I study climate change impacts on rocky coasts. I’m interested in how climatic factors, such as temperature, CO2, and pH, and biological relationships, such as predation and facilitation, interact to create ecological patterns in time and space.
Sarah Nienhuis (MSc student)
Sarah is using her background in chemistry to explore the effects of carbon dioxide enrichment / acidification on marine trophic pairs. She is conducting laboratory studies on the feeding and assimilation rates of sea urchins, and will soon begin working on potential changes in algal palatability in the lab and community level change in the field.
Penny White (MSc student)
Penny is interested in the ecology and cultural value of Porphyra abbotti, a seaweed that is harvested by First Nation communities in British Columbia. Her thesis combines genetics, sociology, and ecology to understand recent changes in the species’ distribution, and how local harvesters are responding. Penny is co-supervised with Sandra Lindstrom in UBC’s Botany Department.
Ongoing Research Projects
Temperature, carbon dioxide, and interspecific interactions
As I see it, there are two major challenges in figuring out how marine ecosystems will be affected by climate change. First, although most scientists study one variable at a time, temperature and carbon dioxide concentrations (and thus the pH of seawater) are changing simultaneously. For physiological reasons, it is likely that changes in both temperature and pH together will be worse than predicted from change in either factor along. Second, although a great deal of research has shown how climate variables affect individuals, much less is known about how climate change will impact communities. Thus, research on interactions among species is badly needed.
I have recently received funding for a system of mesocosms (fancy fish tanks) in which temperature, carbon dioxide, and species interactions can be simultaneously manipulated. I hope to use this system to see how climate change may impact organisms directly, by changing growth and mortality rates, and indirectly, by changing the effectiveness of predators or the palatability and accessibility of prey.
The thermal ecology of a marine symbiosis
One of my ongoing projects involves the relationship between the mussel Mytilus californianus and a cyanobacterial parasite that bores into its shell. The parasite is bad news, because it causes the shell to become weak and brittle. Eventually, the shell may break, which leads to the death of the mussel. Death is bad for mussels. But the news isn’t all bad. As the shell erodes, the black periostracum (the outer layer of the shell) sloughs away, and the resulting shell color is light gray. Light gray shells absorb less solar energy than black ones, and therefore stay cooler. This is interesting because the relationship between the mussel and the “parasite” changes from parasitic to mutualistic depending on the thermal environment. For example, the mussels that survived a major heat wave tended to be more parasitized (i.e. had less black surface area on their shells) than mussels that died. Intriguingly, this relationship and its obvious implications for global warming may also depend on CO2. Increasing CO2 concentrations reduce the pH of seawater, which in turn makes it more difficult for mussels to repair their shells. I plan to further investigate the role of temperature and CO2 in determining the ecological consequences of this important symbiosis.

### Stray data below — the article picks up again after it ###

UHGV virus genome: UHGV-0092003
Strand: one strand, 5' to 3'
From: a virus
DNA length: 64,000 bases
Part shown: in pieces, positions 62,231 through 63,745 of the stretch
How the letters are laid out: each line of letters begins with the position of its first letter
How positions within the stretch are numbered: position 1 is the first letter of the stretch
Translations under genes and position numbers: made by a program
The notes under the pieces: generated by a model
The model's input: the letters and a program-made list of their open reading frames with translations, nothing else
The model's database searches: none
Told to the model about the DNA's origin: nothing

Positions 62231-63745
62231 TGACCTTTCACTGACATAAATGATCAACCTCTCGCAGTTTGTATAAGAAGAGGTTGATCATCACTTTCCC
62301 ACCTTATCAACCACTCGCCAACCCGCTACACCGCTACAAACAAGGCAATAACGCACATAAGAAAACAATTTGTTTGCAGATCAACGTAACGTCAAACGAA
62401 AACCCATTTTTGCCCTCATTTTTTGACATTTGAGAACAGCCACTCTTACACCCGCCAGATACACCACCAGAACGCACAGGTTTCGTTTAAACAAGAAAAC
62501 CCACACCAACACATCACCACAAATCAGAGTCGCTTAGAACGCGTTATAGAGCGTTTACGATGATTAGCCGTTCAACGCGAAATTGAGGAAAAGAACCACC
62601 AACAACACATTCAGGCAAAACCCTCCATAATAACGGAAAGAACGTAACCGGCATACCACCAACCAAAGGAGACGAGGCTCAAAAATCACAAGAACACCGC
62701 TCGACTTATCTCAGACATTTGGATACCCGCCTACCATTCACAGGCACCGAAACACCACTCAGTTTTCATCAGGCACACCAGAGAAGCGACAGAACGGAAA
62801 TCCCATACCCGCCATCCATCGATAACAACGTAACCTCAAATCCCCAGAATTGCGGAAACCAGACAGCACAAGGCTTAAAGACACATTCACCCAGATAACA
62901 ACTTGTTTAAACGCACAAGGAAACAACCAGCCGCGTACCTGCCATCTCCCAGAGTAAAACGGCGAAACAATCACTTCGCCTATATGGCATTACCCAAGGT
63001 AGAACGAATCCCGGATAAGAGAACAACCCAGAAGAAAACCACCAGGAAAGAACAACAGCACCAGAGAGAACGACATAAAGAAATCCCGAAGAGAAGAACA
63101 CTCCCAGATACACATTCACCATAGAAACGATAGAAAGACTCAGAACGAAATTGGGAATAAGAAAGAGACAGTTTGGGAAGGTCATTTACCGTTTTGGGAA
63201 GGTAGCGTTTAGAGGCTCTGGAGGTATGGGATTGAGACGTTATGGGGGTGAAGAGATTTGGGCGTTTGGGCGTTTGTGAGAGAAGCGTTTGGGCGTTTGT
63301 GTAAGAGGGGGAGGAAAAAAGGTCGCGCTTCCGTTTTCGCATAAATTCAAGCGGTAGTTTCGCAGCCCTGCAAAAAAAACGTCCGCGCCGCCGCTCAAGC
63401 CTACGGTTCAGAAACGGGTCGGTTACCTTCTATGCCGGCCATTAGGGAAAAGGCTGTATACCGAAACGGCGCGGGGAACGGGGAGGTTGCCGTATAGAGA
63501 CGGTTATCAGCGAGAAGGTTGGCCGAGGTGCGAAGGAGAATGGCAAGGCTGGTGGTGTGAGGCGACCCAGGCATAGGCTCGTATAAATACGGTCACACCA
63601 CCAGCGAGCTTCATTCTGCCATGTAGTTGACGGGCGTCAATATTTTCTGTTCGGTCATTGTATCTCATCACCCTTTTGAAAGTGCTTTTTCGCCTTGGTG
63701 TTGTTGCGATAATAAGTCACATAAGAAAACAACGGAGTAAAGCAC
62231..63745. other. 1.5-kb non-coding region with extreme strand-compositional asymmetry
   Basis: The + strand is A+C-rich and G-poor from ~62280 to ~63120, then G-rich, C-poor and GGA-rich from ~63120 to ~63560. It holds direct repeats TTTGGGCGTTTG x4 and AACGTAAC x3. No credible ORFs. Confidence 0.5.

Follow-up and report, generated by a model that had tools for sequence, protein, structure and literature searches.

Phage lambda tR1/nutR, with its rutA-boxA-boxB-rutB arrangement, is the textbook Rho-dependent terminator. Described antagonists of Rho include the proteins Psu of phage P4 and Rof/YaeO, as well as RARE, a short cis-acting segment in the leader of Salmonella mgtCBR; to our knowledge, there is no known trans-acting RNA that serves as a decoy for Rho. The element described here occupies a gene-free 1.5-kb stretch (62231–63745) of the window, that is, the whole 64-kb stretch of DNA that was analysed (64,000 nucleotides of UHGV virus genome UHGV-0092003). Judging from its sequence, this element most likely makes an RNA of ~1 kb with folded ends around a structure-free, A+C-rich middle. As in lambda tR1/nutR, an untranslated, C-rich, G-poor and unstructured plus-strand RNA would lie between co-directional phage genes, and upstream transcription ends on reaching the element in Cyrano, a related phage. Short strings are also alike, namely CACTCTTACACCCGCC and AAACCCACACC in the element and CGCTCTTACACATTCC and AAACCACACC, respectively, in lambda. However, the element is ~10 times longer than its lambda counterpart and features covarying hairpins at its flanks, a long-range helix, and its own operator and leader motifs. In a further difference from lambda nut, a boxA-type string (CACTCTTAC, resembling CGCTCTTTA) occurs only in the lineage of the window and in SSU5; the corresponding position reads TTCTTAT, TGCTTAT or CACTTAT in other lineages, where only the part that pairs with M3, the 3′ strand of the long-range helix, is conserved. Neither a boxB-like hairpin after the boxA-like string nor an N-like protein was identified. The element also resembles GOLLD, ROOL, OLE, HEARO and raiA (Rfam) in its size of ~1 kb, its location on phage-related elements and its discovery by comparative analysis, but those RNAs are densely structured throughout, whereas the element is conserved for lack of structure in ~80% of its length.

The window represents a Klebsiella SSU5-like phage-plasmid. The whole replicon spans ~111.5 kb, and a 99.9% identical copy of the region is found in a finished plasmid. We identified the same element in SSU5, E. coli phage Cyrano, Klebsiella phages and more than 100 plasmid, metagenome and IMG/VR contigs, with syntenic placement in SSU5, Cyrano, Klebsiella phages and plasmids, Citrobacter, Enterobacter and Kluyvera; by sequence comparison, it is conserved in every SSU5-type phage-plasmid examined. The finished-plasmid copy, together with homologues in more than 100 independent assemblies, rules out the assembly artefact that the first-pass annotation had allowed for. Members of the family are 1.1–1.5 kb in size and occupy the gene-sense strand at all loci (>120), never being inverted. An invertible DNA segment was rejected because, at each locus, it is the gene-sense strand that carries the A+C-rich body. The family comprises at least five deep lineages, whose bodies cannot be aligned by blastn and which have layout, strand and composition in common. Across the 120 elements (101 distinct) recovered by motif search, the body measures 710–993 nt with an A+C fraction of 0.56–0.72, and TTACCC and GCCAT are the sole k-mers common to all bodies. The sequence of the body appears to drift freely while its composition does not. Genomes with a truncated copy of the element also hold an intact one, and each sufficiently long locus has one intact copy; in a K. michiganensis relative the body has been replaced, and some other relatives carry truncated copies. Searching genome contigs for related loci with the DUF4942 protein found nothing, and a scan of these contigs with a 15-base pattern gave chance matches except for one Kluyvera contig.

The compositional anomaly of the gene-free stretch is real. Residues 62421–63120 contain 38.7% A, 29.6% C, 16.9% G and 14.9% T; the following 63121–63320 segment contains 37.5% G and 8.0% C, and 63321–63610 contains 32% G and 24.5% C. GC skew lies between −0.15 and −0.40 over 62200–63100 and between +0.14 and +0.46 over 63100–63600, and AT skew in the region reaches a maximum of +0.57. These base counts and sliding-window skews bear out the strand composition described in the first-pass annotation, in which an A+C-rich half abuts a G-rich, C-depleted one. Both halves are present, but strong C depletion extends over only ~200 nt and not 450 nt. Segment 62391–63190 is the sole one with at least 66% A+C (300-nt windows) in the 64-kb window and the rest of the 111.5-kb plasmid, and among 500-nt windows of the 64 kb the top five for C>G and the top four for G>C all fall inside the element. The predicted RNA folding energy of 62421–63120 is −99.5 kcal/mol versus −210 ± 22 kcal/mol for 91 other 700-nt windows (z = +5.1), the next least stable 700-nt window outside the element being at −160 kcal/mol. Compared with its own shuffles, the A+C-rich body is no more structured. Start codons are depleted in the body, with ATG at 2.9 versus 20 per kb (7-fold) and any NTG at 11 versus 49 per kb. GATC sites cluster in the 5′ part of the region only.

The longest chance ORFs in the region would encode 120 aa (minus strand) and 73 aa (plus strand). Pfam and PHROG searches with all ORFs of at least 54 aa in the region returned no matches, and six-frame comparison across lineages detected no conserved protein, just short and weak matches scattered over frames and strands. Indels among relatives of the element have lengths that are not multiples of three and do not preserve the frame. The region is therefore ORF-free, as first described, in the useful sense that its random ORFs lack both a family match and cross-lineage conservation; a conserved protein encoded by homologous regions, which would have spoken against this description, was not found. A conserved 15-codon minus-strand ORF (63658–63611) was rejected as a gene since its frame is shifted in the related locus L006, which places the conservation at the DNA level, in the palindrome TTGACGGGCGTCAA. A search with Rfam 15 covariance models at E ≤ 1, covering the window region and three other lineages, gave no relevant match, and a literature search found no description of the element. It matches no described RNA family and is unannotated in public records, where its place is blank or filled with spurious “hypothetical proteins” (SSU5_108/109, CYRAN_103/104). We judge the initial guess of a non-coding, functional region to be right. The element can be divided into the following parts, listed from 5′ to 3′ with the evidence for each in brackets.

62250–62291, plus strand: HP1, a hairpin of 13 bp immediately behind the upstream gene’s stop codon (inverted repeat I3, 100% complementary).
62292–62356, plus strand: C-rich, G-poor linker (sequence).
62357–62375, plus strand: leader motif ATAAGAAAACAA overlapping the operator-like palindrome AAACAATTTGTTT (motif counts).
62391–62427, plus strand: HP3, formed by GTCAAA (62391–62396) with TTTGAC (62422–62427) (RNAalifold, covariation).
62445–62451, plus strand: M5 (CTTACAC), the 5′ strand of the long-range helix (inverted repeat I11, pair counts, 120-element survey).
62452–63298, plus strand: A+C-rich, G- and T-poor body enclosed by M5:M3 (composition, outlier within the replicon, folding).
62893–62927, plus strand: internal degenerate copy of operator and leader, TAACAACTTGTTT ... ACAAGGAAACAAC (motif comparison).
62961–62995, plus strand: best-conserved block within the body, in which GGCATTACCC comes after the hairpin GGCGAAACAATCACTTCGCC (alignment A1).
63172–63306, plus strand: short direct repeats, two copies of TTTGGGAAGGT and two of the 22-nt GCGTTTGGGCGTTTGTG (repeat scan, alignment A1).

Simulating global warming on rocky shores
Comparative studies of increasing temperature across spatial gradients are great, and at large scales, they are the only option short of waiting for climate change to occur. However, I am also beginning to directly manipulate temperature in marine systems. Sarah Nienhuis and are planning on manipulating temperature in experimental tidepools to address the influence of temperature on community structure.
Darwin’s barnacle and the invasion of Argentina
I have a long history of research projects on the barnacle Balanus glandula, a species first described by Charles Darwin. Balanus is an important ecosystem engineer, because it creates habitat (nooks and crannies between barnacles) for many other species. Balanus has recently invaded Argentina, and has spread over ~20 degrees of latitude in under 40 years. I am working with Evangelina Schwindt at the Patagonian National Center to determine the rate of spread, to compare population dynamics between hemispheres, and to determine the community level impacts of Balanus in its recently invaded range.
In addition to the research described above, I am actively collaborating on heat budget modeling and other biophysical approaches (with Mark Denny at Stanford), on regional-scale patterns of thermal stress in mussel beds (with Brian Helmuth at the University of South Carolina), on the mechanisms underlying the color polymorphism in Pisaster (with Mirjam Held, an undergraduate student at UBC), and on long-term biological change on rocky shores (with Bob Paine at the University of Washington).
Information for prospective students
In general, I hope to accept one or possibly two graduate students every fall. If you are interested in working in my lab, here are a few useful pieces of information. First, UBC is great, Vancouver is great, and marine ecology in British Columbia is especially great. Next, I am still relatively new here, and my level of funding is still relatively low. Thus, at this stage, it will be very difficult for me to accept students who do not have their own funding (NSERC fellowships for Canadians, NSF fellowships for Americans, or similar support). To discuss the possibilities of joining my lab, please send me an email. Emails that contain research interests, a CV, and unofficial transcripts are particularly helpful.